The analysis was undertaken by AFRL as part of a Cooperative Research and Development Agreement (‘CRADA’) with the Air Force Research Laboratory’s Aerospace Systems Directorate (AFRL/RQ) which was entered into in January 2014. These investigations examined the thermodynamic cycle of the SABRE concept and found no significant barrier to its theoretical viability provided the engine component and integration challenges are met.
According to a statement, Oxforshire-based Reaction Engines and AFRL are now formulating plans for continued collaboration on the SABRE engine; the proposed work will include investigation of vehicle concepts based on a SABRE derived propulsion system, testing of SABRE engine components and exploration of defence applications for Reaction Engines’ heat exchanger technologies.
Barry Hellman, AFRL/RQ program manager said: “The activities under the CRADA have allowed AFRL to understand the SABRE engine concept, its pre-cooler heat exchanger technology, and its cycle in more detail. Our analysis has confirmed the feasibility and potential performance of the SABRE engine cycle.
“While development of the SABRE represents a substantial engineering challenge, the engine cycle is a very innovative approach and warrants further investigation. The question to answer next is what benefit the SABRE could bring to high-speed aerospace vehicles compared to other propulsion systems.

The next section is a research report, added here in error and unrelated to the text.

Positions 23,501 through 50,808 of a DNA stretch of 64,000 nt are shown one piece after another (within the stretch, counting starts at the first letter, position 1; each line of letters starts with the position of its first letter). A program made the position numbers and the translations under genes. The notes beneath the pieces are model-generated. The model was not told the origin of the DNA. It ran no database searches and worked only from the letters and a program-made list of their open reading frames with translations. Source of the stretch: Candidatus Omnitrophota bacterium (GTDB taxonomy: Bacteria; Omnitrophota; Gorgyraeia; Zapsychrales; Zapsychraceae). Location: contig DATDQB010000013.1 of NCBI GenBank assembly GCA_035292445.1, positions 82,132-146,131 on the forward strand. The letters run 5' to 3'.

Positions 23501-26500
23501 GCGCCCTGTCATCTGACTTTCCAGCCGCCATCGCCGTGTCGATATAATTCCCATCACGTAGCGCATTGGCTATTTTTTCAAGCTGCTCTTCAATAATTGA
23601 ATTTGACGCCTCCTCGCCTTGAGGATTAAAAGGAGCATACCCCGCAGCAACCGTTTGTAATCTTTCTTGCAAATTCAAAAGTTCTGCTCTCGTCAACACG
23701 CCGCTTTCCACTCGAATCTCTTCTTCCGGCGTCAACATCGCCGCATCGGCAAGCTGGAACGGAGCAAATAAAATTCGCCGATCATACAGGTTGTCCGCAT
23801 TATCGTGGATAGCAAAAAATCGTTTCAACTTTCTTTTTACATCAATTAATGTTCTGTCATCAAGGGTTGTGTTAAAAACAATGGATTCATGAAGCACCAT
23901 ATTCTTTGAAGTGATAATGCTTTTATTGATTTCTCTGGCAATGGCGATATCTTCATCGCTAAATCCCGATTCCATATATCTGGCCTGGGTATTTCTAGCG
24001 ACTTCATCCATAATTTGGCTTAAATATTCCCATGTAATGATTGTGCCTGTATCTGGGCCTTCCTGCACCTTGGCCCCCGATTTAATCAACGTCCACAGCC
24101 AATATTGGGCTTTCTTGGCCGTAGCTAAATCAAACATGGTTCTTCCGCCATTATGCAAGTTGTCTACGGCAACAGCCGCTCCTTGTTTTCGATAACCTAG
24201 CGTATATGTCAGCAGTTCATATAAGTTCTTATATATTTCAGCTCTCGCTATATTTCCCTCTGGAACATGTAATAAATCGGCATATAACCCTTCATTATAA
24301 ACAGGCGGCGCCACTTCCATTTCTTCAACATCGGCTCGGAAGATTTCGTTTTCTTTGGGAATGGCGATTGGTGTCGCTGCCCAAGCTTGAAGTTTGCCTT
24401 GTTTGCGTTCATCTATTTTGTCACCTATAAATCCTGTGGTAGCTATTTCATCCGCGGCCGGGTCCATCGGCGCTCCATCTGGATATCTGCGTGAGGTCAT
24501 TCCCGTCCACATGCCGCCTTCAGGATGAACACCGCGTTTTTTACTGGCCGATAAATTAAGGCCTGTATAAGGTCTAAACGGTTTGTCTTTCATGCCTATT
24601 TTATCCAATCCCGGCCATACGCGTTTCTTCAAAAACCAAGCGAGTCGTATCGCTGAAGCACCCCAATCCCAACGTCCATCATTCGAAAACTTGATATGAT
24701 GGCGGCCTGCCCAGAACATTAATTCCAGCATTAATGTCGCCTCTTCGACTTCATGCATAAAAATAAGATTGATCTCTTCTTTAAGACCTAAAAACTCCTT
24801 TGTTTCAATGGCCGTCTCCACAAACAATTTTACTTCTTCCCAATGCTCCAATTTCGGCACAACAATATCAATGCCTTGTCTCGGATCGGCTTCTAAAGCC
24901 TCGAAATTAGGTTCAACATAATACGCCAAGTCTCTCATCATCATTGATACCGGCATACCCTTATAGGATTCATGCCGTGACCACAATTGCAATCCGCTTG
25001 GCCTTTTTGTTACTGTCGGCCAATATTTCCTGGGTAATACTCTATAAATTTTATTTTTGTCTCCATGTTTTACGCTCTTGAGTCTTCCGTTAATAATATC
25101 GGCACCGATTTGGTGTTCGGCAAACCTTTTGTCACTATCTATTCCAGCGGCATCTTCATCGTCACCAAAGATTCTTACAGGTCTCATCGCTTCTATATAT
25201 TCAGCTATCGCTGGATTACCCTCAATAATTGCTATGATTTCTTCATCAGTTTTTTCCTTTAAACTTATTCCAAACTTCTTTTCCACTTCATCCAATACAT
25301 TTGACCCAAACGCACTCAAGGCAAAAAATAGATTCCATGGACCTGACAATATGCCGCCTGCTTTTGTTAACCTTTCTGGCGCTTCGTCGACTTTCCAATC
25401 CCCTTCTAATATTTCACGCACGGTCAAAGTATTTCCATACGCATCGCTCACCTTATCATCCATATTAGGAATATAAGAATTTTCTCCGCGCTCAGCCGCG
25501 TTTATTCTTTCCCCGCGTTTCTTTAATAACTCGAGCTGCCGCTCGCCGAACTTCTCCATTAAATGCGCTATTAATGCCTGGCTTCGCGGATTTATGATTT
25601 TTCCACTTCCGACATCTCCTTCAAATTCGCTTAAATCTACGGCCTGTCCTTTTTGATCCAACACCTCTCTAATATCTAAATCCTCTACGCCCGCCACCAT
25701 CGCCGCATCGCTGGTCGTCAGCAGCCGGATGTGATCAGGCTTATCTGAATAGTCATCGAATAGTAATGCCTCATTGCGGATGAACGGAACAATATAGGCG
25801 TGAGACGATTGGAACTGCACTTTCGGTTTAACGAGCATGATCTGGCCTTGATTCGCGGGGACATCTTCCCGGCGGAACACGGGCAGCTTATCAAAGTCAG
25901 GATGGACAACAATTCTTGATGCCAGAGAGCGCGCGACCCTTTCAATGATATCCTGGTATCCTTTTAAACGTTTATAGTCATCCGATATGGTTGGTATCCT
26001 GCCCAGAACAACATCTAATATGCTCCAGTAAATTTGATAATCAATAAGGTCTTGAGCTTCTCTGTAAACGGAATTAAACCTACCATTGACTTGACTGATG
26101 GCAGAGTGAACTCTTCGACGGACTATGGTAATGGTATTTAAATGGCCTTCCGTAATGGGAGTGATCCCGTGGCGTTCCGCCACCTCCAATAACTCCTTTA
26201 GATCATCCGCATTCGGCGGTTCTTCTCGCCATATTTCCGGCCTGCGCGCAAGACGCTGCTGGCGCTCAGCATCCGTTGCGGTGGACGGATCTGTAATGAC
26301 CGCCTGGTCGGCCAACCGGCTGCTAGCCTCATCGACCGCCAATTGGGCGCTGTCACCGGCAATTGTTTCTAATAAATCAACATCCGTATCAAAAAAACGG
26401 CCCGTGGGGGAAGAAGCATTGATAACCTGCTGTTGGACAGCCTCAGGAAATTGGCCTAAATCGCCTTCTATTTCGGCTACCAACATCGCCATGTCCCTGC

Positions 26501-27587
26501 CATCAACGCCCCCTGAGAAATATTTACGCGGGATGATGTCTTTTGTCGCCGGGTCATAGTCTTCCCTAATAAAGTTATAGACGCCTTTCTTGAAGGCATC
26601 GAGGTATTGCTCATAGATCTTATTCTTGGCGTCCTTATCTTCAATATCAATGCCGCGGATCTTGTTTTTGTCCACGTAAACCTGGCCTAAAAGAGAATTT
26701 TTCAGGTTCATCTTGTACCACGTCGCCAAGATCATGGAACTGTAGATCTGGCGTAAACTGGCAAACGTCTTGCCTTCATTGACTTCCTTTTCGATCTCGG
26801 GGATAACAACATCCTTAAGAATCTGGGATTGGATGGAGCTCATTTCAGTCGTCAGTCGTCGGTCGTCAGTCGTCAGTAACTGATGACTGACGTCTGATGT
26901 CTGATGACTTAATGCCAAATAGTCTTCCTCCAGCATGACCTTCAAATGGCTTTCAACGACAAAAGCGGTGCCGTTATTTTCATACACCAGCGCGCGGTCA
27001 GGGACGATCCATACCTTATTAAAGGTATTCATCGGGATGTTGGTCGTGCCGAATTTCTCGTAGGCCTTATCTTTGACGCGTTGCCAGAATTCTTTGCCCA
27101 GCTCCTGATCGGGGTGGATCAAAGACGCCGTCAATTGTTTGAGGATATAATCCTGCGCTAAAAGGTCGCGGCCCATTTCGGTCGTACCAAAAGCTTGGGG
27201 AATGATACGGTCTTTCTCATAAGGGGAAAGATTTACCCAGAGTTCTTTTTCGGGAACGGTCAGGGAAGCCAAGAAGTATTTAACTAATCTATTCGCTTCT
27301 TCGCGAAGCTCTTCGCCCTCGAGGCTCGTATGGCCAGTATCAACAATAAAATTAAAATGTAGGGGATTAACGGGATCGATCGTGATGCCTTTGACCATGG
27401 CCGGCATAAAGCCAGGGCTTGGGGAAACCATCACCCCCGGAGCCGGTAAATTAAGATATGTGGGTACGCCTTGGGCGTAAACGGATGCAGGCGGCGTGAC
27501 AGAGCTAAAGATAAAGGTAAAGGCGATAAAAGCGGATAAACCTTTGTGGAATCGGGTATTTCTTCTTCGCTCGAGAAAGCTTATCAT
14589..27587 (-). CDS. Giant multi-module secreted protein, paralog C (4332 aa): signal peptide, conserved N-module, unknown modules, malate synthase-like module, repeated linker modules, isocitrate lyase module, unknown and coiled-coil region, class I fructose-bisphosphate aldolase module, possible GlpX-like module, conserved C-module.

“Although application of the SABRE for single stage to orbit space access remains technically very risky as a first application, the SABRE may provide some unique advantages in more manageable two stage to orbit configurations. Furthermore, the heat exchanger technology also warrants further investigation for applications across the aerospace domain.”
SABRE - through the combination of unique thermodynamic cycles and Reaction Engines’ heat exchangers - can reportedly power aircraft from stand still on a runway to Mach 5.5 in the atmosphere and then switch to a rocket mode of operation allowing spaceflight at up to Mach 25.
Reaction Engines’ ultra-lightweight air heat exchanger technology is designed to cool air from 1,000°C to minus 150°C in 1/100th second whilst preventing the formation of ice at sub-zero temperatures. In doing so the technology is able transfer the same amount of heat generated by electricity power stations (~450MW) using equipment that weighs less than < 1.5 tonnes.
Furthermore, through its ability to ‘breathe’ air from the atmosphere, SABRE is said to offer a significant reduction in propellant consumption compared to conventional rocket engines, which have to carry their own oxygen.
The weight saved by carrying less oxygen can be used to increase the capability of launch vehicles including options for high performance reusable launch vehicles with increased operational flexibility, such as horizontal take-off and landing. Additionally, the SABRE engine concept could potentially be configured to efficiently power aircraft flying at high supersonic and hypersonic speeds.
The viability of the SABRE engine has been independently validated by the European Space Agency during a review undertaken at the request of the UK government, which committed £60m in July 2013 towards the development to aid preparations for the design, manufacture and testing of SABRE demonstrator engines.